Melbourne, Melbourne Fashion Festival Cultural Program 2015

Art and Design: White Goods, Melbourne Fashion Festival Cultural Program 2015

0 Comments 12 April 2015

Craft Victoria is one of Melbourne’s most diverse galleries, with its wooden floors extenuating the space and its white walls reflecting the splendour of the works it encases, it is the setting of one of VAMFF’s most stunning cultural showcases.

White Goods explores the materiality and hierarchy of white through the methods of eight interdisciplinary makers, ranging from ceramics, glass to illumination and phosphorescence. The majority of the work on show has been created by Victorians interpreting Curator Debbie Pryor’s brief of the colour white, showcasing the transparency and processes of each maker. There is deep thought and research put into each work, that each maker communicates in an accessible way through mastery of their craft.

We sat down with the Curator of White Goods, Debbie Pryor, to discuss the show and the thought put behind it.

 white goods installation shot

Why is Craft Victoria a part of Virgin Australia Melbourne Fashion Festival this year?

Debbie: Craft has an ongoing relationship with VAMFF and we make sure to have content that relates to the festival every year, whether abstract or literal. In 2014, we had Matthew Linde’s A Vouge Idea in the gallery, however with changes to the exhibition process, we chose to have a group exhibition.

White Goods as a whole relates to the world of fashion by way of tactility and wearability. We showcase Eddy Carroll who has used textile techniques to create her eye catching artwork, which demonstrates the malleable ideas of fashion and textile. Katie Jane Britchford, Linda Hughes and Manon van Kouswijk are our three jewellers, who have all produced wearable objects for the show.

Craft also finds it important to be a part of VAMFF to broaden the conversation of the hierarchy and currency of materials. With Manon’s work, the audience is lured into the normality of the display, however what first looks like a precious object is actually a completely different material. This leads to the question “why do people want to wear the objects”? Perhaps, it is the glamour of these pieces, which can offset a simple outfit and can mix expectations of what is fashion.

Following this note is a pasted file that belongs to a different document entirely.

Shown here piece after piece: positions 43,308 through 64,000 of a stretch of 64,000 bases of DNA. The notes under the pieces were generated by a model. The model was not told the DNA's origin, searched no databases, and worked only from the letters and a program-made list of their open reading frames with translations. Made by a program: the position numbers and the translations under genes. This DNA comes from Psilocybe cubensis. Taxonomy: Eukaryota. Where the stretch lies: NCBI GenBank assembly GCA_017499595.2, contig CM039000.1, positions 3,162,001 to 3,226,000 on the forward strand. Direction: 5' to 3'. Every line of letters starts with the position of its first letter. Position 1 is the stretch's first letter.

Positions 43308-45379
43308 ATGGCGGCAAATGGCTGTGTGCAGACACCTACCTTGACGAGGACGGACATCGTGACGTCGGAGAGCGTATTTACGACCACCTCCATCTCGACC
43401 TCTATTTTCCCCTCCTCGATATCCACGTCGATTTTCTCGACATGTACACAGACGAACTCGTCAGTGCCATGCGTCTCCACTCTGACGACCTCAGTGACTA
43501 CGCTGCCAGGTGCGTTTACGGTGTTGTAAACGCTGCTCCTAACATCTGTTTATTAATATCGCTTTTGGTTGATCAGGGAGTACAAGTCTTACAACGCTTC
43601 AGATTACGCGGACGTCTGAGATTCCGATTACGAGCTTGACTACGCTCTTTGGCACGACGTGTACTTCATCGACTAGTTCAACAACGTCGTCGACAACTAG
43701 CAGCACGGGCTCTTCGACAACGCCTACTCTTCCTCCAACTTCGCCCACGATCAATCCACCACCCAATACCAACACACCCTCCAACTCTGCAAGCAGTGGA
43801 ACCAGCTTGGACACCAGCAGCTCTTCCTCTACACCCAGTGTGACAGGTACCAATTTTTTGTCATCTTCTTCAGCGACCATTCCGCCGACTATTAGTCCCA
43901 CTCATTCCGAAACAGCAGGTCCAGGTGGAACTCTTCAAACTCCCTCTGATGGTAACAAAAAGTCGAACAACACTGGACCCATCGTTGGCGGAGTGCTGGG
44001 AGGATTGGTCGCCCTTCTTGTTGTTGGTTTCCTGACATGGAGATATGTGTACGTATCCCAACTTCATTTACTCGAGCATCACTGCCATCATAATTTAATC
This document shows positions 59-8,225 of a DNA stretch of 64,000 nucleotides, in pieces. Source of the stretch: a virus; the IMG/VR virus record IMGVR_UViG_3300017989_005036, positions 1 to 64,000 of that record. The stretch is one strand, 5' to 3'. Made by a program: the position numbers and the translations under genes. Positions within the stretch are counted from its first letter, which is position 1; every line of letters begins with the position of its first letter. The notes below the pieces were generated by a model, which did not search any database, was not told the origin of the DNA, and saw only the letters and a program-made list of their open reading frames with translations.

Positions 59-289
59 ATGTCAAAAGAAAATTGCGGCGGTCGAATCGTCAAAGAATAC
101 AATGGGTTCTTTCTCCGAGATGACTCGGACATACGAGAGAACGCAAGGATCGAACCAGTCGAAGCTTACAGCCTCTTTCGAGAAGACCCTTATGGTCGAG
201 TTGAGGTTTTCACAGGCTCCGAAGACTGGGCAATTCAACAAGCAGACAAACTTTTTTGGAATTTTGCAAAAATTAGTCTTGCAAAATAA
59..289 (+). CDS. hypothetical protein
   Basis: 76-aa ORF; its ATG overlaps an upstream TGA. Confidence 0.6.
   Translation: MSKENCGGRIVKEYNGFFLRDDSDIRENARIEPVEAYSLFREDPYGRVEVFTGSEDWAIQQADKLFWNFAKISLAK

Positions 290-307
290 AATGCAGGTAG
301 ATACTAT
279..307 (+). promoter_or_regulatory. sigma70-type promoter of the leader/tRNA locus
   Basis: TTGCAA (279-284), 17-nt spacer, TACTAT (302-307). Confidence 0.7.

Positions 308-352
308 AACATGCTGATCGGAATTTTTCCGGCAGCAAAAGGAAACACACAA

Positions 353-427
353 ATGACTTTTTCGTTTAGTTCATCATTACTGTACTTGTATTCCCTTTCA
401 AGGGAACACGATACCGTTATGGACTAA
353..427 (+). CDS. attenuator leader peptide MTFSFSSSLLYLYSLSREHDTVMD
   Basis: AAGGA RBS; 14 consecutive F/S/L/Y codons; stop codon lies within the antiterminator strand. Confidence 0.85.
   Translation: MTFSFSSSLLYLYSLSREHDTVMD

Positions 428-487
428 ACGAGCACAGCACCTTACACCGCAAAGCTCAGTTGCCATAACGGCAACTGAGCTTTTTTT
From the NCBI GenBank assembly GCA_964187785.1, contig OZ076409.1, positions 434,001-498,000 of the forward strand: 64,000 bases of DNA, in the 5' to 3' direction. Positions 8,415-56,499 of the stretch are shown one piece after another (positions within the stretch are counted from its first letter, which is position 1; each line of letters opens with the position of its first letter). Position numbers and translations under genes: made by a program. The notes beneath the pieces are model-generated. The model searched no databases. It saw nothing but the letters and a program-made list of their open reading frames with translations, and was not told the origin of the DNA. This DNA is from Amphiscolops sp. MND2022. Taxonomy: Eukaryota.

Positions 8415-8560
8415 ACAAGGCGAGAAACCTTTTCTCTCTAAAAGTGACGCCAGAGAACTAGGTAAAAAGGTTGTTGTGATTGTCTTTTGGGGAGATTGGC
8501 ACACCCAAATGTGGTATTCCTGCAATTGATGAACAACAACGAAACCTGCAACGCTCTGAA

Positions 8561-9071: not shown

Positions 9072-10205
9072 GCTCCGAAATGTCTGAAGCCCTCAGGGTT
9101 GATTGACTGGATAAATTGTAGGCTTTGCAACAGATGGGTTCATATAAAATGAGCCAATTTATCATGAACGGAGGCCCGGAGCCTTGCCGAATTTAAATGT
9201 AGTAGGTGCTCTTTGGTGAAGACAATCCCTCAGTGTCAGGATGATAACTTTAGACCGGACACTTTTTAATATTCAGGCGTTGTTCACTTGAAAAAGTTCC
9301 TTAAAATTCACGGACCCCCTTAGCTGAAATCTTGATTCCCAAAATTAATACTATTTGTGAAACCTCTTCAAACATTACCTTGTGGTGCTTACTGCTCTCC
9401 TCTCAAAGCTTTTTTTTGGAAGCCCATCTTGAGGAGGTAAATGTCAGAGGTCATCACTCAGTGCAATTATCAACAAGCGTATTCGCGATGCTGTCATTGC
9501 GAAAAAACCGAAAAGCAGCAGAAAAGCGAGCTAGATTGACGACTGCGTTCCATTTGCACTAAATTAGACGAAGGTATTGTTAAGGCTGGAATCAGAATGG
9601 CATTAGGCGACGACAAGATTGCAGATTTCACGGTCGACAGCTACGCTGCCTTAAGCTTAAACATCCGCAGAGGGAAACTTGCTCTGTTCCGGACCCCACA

What factors have you considered when curating White Goods?

The show has a Victorian focus and consist of makers who all live in Victoria, except Honor Freeman who is from South Australia. Because of the changes in how exhibitions are organised at Craft Victoria, we wanted to show artists who would never be shown together unless they were Craft Victoria members. For example, we wanted to bring together established and emerging artists, so we asked the very established Owen Rye to be a part of the show, along with Honor Freeman, one of Australia’s foremost emerging ceramicists. We also wanted to change the expectations of those visiting us because of VAMFF. From Ebony Addinsall’s glasswork to Kris Coad’s illuminated bone china work, we hoped to expand the breath and width of the types of artwork on show for the audience that would be coming. In the end, I gave them a broad brief solely about the colour white and it was up to the artist to demonstrate their artistry when juxtaposed in a cross discipline showcase.

For more information about the show, click here.

Images provided by Craft Victoria.

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This post was written by who has written 4 posts on Buzzcuts.

Bobby Ly is a perth-raised, dublin-influenced, melbourne-based cook, copywriter, ceramist and creative.

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